For immigrants who are detained and in court proceedings, an accompaniment program may also have you escort that person’s family to and from court (and perhaps to the detention center for visits). This can be incredibly meaningful, because court dates and brief visitation windows at detention centers may be the only time they get to see their detained family member over a months-long period. (For families with kids, it’s also useful to have someone to help babysit in the court waiting room, especially if adults need to confer with lawyers or take a moment for themselves.)

Even if you can’t find an official court accompaniment program to participate in, it’s possible that you could get involved in an immigration organization in your area and start helping out local families on an informal basis, with accompaniment, rides, childcare, and other needs.

  1. Volunteer to help out inside immigration detention centers, and/or at the border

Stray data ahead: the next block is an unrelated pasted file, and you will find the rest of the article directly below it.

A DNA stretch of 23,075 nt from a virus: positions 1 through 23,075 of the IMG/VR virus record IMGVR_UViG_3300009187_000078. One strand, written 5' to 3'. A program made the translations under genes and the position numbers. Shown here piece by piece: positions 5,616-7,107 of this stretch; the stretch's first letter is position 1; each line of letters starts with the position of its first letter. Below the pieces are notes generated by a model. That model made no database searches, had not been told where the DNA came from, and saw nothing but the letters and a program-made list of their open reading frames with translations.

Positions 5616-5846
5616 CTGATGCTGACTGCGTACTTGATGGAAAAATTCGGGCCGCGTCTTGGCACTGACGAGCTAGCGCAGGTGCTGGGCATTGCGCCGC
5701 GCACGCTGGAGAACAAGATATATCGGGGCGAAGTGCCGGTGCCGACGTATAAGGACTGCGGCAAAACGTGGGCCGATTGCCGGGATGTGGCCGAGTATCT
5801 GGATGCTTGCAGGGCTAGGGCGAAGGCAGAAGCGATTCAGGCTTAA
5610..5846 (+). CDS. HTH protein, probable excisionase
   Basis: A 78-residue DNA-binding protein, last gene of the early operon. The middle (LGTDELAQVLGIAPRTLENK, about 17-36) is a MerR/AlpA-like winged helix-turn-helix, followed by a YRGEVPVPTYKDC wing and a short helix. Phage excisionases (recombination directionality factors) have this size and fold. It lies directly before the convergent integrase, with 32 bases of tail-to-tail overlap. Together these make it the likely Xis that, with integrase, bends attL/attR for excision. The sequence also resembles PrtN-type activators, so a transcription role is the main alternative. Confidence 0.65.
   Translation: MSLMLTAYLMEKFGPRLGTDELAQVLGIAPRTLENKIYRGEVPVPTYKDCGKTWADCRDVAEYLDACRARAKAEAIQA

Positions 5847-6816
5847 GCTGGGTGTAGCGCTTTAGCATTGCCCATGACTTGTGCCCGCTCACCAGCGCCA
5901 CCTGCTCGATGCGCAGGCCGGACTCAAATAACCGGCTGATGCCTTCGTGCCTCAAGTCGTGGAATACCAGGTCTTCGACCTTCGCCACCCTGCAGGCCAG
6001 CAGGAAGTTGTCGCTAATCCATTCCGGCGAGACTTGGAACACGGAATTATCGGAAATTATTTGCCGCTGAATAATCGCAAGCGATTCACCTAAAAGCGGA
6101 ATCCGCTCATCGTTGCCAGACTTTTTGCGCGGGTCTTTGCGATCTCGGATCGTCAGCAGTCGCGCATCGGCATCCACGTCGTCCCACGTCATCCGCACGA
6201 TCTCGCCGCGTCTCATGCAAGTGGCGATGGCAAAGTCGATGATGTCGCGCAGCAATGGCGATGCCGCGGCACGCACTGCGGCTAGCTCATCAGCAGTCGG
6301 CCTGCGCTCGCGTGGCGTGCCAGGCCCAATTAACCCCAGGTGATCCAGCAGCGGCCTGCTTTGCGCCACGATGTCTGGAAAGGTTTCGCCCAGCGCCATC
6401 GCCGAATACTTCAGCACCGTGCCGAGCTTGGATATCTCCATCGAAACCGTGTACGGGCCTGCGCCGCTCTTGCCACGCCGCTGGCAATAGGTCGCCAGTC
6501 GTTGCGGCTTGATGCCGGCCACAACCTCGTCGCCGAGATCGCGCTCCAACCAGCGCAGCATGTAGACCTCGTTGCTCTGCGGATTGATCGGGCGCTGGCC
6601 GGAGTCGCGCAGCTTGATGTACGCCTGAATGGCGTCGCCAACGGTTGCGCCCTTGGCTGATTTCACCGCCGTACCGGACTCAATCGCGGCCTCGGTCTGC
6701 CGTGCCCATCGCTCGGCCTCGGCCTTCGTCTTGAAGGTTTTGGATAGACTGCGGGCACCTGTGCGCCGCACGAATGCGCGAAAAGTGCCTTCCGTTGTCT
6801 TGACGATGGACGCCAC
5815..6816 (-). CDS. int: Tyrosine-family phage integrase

Giving money to organizations that provide legal representation or conduct advocacy on behalf of people who are detained is great, and you should definitely donate as much as you can! That said, there are also ways you can get personally involved. We cannot stress enough how much seeing these things firsthand will alter your mindset, your sense of urgency, and the depth and sophistication of your knowledge on immigration issues.

Volunteer at a detention center on the border: If you’re in a position to take a week off work (or you have a job with some scheduling flexibility), the CARA Pro Bono Project and the Karnes Pro Bono Project run volunteer programs at two family detention centers in Texas. (These are detention centers where mothers and children are detained together.) You DO NOT HAVE TO BE A LAWYER OR A LAW STUDENT to volunteer: The project staff will teach you everything you need to know to be useful. It’s helpful if you speak some Spanish, but it’s not absolutely required. There are an infinite number of tasks that need to be performed in any given day, and every hand on deck is a godsend.